At the end of January 2018, the Swiss Federal Council appointed diplomat Roberto Balzaretti to head the Directorate for European Affairs (DEA). In this role he is responsible for coordinating the entire negotiations with the EU. In his first in-depth interview since his appointment as secretary of state, Switzerland’s former ambassador in Brussels talks to Avenir Suisse about the chances of a framework agreement for Switzerland, and the pitfalls that lurk along the way.

Avenir Suisse: Mr. Secretary, every day the newspapers are talking about trade wars. How can a country as small as Switzerland possibly hope to assert its interests in the face of such giants as the United States and China?

Roberto Balzaretti: In principle, it is very easy: Switzerland can assert its interests effectively when the law applies. But as soon as there is power at stake, things get more difficult. It is important to remember that Switzerland isn’t actually so small in economic terms – and especially not when it comes to business. At least ninety nations are smaller in terms of population. The fact that we are not part of a large entity also gives us a certain amount of flexibility. It has enabled us to conclude a bilateral free trade agreement with China, for example

Roberto Balzaretti, Swiss Secretary of State. (EDA)

That from you of all people: the man who is now negotiating closer bilateral relations with the EU!

We must not ever forget where we are: right in the middle of Europe! Fifty or sixty percent of our exports go to the EU; in terms of volumes traded, Baden-Württemberg and Bavaria are just about as important to us as China; and Lombardy is around the size of Japan. We trade as much with the EU in a single day as we do with Indonesia in an entire year. That’s why developing the contractual and economic basis of our relations with the EU is so crucial. However, naturally Switzerland needs to make sure its relations are in order worldwide too.

Don’t these facts contradict the widespread distrust of supranational structures among many Swiss people?

The distrust in this country has evolved historically. Added to this, people fear the unknown, and many feel they are at the mercy of the world and the incredible speed with which it is moving. Only a few decades ago the power was still concentrated in Bern, not Beijing. Now there are international developments taking place that we can only influence to a limited extent. What Switzerland can do, however, is contribute its ideas and good offices in forums such as the UN or the Organization for Security and Cooperation in Europe. That is even possible in the context of the EU, for example in efforts to develop Schengen/Dublin. Swiss people also have good ideas!

Is this distrust of concentrated power, wherever it occurs, something typically Swiss?

It is typical for a federal state split into three political levels. I figure it is fairly similar in any postindustrial state, in any European country.

You are heading the strategically most important negotiations for Switzerland. How do you intend to sell the results at home to help reduce this distrust?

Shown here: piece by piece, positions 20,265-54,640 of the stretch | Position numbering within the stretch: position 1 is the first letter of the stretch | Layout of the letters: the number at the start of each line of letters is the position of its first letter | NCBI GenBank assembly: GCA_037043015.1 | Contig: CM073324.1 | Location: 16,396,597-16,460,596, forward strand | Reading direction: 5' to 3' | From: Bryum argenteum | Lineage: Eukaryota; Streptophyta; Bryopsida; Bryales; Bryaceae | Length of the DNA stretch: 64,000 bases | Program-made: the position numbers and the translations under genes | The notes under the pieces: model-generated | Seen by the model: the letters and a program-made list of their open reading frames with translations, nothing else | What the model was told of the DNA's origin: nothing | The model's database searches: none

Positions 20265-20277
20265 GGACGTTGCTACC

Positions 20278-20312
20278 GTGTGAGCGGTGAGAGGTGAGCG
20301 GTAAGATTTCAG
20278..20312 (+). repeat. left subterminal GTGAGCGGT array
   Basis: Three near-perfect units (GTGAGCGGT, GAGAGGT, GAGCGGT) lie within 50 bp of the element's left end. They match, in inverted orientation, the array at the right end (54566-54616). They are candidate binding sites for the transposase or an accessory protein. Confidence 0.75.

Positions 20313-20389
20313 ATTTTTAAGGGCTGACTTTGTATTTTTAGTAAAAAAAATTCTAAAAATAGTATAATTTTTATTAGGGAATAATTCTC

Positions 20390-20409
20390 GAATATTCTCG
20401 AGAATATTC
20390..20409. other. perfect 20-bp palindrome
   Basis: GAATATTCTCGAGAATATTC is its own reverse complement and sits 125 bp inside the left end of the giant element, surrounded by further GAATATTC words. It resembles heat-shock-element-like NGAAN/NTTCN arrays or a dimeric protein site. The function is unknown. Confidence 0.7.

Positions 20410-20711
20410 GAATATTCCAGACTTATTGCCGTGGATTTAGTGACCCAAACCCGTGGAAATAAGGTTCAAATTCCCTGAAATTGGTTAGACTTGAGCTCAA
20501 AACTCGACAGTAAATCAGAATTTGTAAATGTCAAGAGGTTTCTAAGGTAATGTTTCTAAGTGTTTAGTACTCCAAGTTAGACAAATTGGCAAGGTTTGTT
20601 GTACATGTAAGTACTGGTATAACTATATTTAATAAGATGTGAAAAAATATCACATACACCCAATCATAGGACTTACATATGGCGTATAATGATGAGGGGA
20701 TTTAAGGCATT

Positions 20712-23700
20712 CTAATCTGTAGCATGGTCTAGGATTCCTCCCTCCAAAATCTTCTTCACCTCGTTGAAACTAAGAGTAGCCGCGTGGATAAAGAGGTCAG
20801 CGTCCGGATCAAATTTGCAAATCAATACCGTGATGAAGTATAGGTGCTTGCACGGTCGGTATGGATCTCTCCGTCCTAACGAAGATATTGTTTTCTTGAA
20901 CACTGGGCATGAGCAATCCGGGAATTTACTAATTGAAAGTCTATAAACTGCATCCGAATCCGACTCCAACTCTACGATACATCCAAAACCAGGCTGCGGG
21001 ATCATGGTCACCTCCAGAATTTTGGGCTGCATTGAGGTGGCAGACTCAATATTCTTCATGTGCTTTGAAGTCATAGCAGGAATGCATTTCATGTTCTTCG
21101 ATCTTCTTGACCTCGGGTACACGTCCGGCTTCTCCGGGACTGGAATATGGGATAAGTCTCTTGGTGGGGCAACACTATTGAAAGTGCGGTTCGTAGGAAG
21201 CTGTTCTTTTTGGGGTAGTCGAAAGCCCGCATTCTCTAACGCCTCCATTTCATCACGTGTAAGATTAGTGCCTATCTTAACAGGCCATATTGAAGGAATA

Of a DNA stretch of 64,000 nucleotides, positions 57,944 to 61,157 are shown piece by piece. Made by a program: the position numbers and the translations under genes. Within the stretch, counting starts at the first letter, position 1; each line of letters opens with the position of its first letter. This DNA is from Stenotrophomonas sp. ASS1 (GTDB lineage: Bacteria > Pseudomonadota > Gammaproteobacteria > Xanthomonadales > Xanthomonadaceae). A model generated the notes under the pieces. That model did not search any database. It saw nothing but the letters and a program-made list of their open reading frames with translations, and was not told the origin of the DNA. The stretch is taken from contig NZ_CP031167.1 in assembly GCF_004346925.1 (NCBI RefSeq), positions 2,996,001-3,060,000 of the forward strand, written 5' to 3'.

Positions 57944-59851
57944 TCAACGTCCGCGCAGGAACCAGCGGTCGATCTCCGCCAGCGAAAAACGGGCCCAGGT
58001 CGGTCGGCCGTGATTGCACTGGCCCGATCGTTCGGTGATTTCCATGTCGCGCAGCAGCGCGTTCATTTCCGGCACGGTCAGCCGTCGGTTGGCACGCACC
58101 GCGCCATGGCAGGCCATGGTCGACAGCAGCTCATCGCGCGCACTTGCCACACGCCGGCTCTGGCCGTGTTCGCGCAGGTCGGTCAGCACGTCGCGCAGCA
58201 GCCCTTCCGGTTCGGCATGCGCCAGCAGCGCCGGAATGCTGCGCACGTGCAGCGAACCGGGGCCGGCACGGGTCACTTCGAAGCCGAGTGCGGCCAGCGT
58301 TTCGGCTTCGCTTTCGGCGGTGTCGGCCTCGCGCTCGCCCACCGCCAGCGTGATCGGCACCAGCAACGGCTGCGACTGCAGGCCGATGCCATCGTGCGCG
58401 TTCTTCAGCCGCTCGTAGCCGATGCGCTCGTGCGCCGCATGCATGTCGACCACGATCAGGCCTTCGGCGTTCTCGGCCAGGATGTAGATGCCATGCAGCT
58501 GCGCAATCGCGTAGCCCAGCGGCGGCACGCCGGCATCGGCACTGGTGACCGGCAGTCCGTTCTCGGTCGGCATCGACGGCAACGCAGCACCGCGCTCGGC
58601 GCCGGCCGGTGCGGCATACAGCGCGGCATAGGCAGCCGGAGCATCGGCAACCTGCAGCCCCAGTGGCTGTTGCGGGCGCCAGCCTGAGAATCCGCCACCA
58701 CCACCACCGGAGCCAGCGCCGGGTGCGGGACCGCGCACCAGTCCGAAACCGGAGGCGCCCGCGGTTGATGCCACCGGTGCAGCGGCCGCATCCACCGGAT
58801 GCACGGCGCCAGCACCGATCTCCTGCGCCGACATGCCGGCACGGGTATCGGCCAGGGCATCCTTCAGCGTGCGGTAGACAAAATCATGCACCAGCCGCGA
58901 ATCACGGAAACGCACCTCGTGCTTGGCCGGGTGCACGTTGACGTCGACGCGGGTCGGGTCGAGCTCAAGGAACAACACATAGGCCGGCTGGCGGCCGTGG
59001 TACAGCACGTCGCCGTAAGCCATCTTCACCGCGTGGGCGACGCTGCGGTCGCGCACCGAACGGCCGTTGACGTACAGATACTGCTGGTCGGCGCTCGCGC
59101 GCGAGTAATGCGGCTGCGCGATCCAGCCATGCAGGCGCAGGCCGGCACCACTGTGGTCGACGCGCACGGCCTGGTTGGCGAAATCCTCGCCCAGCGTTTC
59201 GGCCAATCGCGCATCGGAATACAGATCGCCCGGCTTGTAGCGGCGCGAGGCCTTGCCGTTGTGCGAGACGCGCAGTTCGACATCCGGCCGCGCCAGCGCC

Above all, I want to avoid talking in terms of “selling.” We have to convince people in Switzerland that we are doing the right thing. Federal Councilor Cassis has started to explain what we want to achieve. That’s new. For the first time in history, we are putting our negotiating mandate clearly on the table. So far this does not extend to smaller, complicated technical issues. But we’ll be explaining these as well. Therefore, my answer to your question is that we intend to create transparency, work on the basis of facts, and persuade people. This strategy builds trust. But it also entails certain risks. It involves talking about things that maybe can’t be put into practice.

So you would say that there has been a paradigm shift in negotiations with the EU?

Absolutely. There used to be consultations and secret negotiations first before the results were announced. Only then would the political debate start at home, possibly culminating in a referendum. That’s not how it works these days. Take the negotiations on the institutional agreement: we have already started explaining what we want to achieve, and we will be providing further explanation on an ongoing basis. One of the main reasons the notion of “foreign judges” became an issue was that three or four years ago we were not prepared to explain what it was about. Now it is no longer possible to talk about foreign judges in the same sense because in the negotiations we want to work on the basis of a different model, the arbitration tribunal.

You mentioned technical issues. It is hard to explain complex matters and present a differentiated view. How do you intend to go about it?

By building trust that the basic outline is right. The key to this is transparency and honesty. In terms of Swiss/EU relations, it is about ensuring the efficient functioning of five existing agreements, and providing a basis for concluding new agreements on market access – including the electricity market agreement. The focus is on two things: making relations more dynamic overall, and settling potential disputes – in other words setting down a legal procedure for the event that something is not to our liking.

In Switzerland, there are fears that after signing a framework agreement the EU could change the rules unilaterally without us being able to do anything about it. What is your view?

The norms we are negotiating are subject to a certain amount of change. You could compare it with your smartphone: without regular updates, eventually it will not work anymore. Not immediately, but it will happen sometime. It is the same with the process of dynamization. But unlike the smartphone, this process is more transparent and controllable: the principles of the agreement are known, and we are sitting around the table to decide how they are going to develop. Therefore, we know what we are in for. And we can decide ourselves whether we want to run an update – in other words back a decision – or not. The consequence is that if we don’t, eventually the agreements will not work anymore. Naturally, it is hard to describe the consequences of not acting or maintaining the status quo, but we are trying to.